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Normal Dose of Folic Acid

By Gail Morris ; Updated April 18, 2017

Folic acid is a water-soluble B vitamin found almost exclusively in supplements. This chemical arrangement is rarely found in foods. Folate is naturally occurring in foods and is metabolically active in the human body. All people need folic acid, but it is especially important for women who plan to become pregnant and for those who may have other underlying medical conditions such as sickle cell anemia, celiac disease, diabetes, epilepsy and liver disease.

Function of Folic Acid

Folic acid is essential in DNA metabolism and metabolism of amino acids such as homocysteine and methionine. Deficiencies can result in elevated blood levels of homocysteine, anemia, fatigue, weakness, neural tube defects in pregnancy, other birth defects including heart defects and limb malformation, cardiovascular disease from elevated levels of homocysteine, several types of cancer that may arise from the damage done to DNA, and the onset of Alzheimer's disease.

Dose of Folic Acid

The normal dose of folic acid is 1 mg per day if it is being used to treat megaloblastic anemia. Adults who have folic acid deficiency may take between 400 and 800 mcg per day, and women of childbearing age, pregnant or lactating may use 800 mcg per day. Infants who are folic acid deficient may be prescribed 0.1 mg per day, and children, 1 mg per day. Many over-the-counter multivitamins contain folic acid, but physicians can also order prescription dosage for treatment of disease or for prevention of birth defects prior to pregnancy. Past history of kidney disease or alcoholism may change the dosage you require.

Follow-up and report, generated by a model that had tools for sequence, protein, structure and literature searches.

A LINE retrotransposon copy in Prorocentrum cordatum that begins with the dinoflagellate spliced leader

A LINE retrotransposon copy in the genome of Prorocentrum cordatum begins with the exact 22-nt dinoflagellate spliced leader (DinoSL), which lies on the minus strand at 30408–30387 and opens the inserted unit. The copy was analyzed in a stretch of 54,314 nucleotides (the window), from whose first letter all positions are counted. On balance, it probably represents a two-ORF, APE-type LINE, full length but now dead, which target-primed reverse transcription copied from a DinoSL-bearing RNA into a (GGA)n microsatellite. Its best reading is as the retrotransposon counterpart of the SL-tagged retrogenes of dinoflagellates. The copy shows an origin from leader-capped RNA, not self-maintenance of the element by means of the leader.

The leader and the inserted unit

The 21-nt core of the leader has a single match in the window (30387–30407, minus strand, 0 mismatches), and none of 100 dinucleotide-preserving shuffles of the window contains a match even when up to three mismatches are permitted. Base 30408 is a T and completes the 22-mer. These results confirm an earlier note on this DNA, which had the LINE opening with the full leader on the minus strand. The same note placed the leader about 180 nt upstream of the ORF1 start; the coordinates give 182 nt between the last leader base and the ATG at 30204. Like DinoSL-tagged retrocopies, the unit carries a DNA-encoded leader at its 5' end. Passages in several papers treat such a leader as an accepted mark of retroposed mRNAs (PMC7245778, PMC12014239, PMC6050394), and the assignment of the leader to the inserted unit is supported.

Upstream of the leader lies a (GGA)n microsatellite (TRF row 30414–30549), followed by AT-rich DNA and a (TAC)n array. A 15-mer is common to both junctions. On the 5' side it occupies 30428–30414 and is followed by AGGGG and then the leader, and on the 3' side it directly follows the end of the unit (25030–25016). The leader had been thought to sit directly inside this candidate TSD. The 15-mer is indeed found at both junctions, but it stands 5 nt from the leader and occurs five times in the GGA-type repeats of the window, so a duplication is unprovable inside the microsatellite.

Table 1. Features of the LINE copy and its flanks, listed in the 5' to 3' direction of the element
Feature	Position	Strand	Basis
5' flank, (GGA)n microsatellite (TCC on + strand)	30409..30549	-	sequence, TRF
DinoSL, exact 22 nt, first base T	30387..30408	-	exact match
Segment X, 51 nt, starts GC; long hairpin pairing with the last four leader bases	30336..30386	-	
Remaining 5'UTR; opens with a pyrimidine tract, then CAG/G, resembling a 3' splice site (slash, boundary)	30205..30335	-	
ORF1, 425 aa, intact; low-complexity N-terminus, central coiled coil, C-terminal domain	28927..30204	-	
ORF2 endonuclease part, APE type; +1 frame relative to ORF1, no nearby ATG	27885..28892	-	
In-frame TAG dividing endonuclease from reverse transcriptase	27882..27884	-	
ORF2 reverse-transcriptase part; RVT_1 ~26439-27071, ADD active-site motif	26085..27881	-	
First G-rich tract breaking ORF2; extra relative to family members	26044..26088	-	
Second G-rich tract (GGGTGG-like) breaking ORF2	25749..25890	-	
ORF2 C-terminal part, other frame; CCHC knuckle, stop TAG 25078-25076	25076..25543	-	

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Food Sources

Leafy green vegetables, fruits and dried beans are natural sources of folate. Enriched breakfast cereal fortified with folic acid can deliver 100 percent of the daily value recommended by the U.S. Food and Drug Administration. The daily value percentage is the Food and Drug Administration's recommended consumption based on a 2,000 calorie per day diet.

Safety

A deficiency in folate can occur during pregnancy, from alcohol abuse, or with malabsorption syndrome, kidney dialysis, liver disease and certain types of anemia, according to the Office of Dietary Supplements at the National Institutes of Health. Medications may also interfere with your body's ability to utilize folate. Those medications include anti-convulsants, methotrexate, barbiturates, metformin and sulfasalazine. Side effects for the use of folic acid supplementation include nausea, loss of appetite, bloating, sleep problems, depression and irritability.

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